A guy I know who we’ll call “Kevin” was working at a company where there was a lot of political infighting and lack of collaboration between people from different departments. Kevin and I worked on a project together that was The Project From Hell. There were shifting deadlines, cloudy milestones, constantly evolving requirements, and much much more. Eventually, after months and months and months of dates slipping, deployment issues, and disappointment from the test users, Kevin got let go from the company.
Kevin’s first reaction was to start looking for another job, any job. There were bills to pay and a family to take care of. I don’t blame Kevin one second for wanting to get on the job hunt ASAP. My first instinct would also be to scramble and find something quickly. Kevin reached out to me to ask for help with his resume as well as reaching out to my network to see what was available. I did provide him with resume assistance but what made it difficult was when I started asking him questions about what he wanted to do. In order for me to give people the most effective resume help, I have to ask direct questions about what people are looking for so that I know who to talk to in my network and how to make the resume a targeted and focused one relevant to the positions they are interested in.
When I asked Kevin what he wanted to do (e.g., project management? development? product management? general management? etc), he told me he was looking for “anything”, as long as he had a job. I warned him this wasn’t the best approach to his situation because if he jumped into something he wasn’t really willing to do and/or wasn’t qualified to do, he might end up getting into a situation where he might end up getting let go again. Instead of rushing into another job, any job, I advised him to take some time to digest what happened, and to think (I mean really think) about what he wanted to do with his life as a next step. Did he want to go into a different job? role? industry? career path? If he wanted to get into project management again, did he maybe want to get PMP certification to help bolster his credentials and better compete against other project managers in the job market? If he wanted to go back to school to finish his degree, did he have that option if they could cover the mortgage/utilities/bills? etc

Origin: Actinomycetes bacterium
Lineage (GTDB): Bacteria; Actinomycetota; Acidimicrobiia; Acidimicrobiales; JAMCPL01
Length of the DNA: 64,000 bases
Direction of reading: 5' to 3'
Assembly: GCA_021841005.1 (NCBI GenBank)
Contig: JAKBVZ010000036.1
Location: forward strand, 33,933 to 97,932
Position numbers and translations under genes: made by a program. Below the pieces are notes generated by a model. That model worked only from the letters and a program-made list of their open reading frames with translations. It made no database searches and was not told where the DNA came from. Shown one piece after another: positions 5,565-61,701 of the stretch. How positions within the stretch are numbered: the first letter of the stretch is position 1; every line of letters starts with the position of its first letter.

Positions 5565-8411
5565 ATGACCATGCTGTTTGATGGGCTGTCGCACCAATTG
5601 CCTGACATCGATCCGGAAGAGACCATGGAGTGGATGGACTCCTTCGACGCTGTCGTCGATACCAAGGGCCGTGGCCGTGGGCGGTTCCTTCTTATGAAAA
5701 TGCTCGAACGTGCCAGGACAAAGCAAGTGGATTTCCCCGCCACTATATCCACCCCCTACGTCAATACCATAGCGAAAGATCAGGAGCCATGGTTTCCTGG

Luckily, Kevin was very receptive to the hard questions and spent a good amount of time doing some introspection on what he wanted his next steps to be. We did get his resume updated and were able to come out with a few different versions focused on the different roles he was interested in. He actually ended up going back to school to finish his degree, which I applaud and respect him for, and is keeping his eye out for options that he’d pursue only if he’d be a good match for them.
Oh, how easy it is to fall victim to the dangers of the rebound. I know it’s crazy difficult to think clearly in the rebound phase. Allow yourself to ask the hard questions or allow trusted family and friends to ask the hard questions, give yourself time to do some introspection, and by trusting your gut instead of making reactive decisions, hopefully you can reduce the number of “why did I do that???” moments in the rebound phase.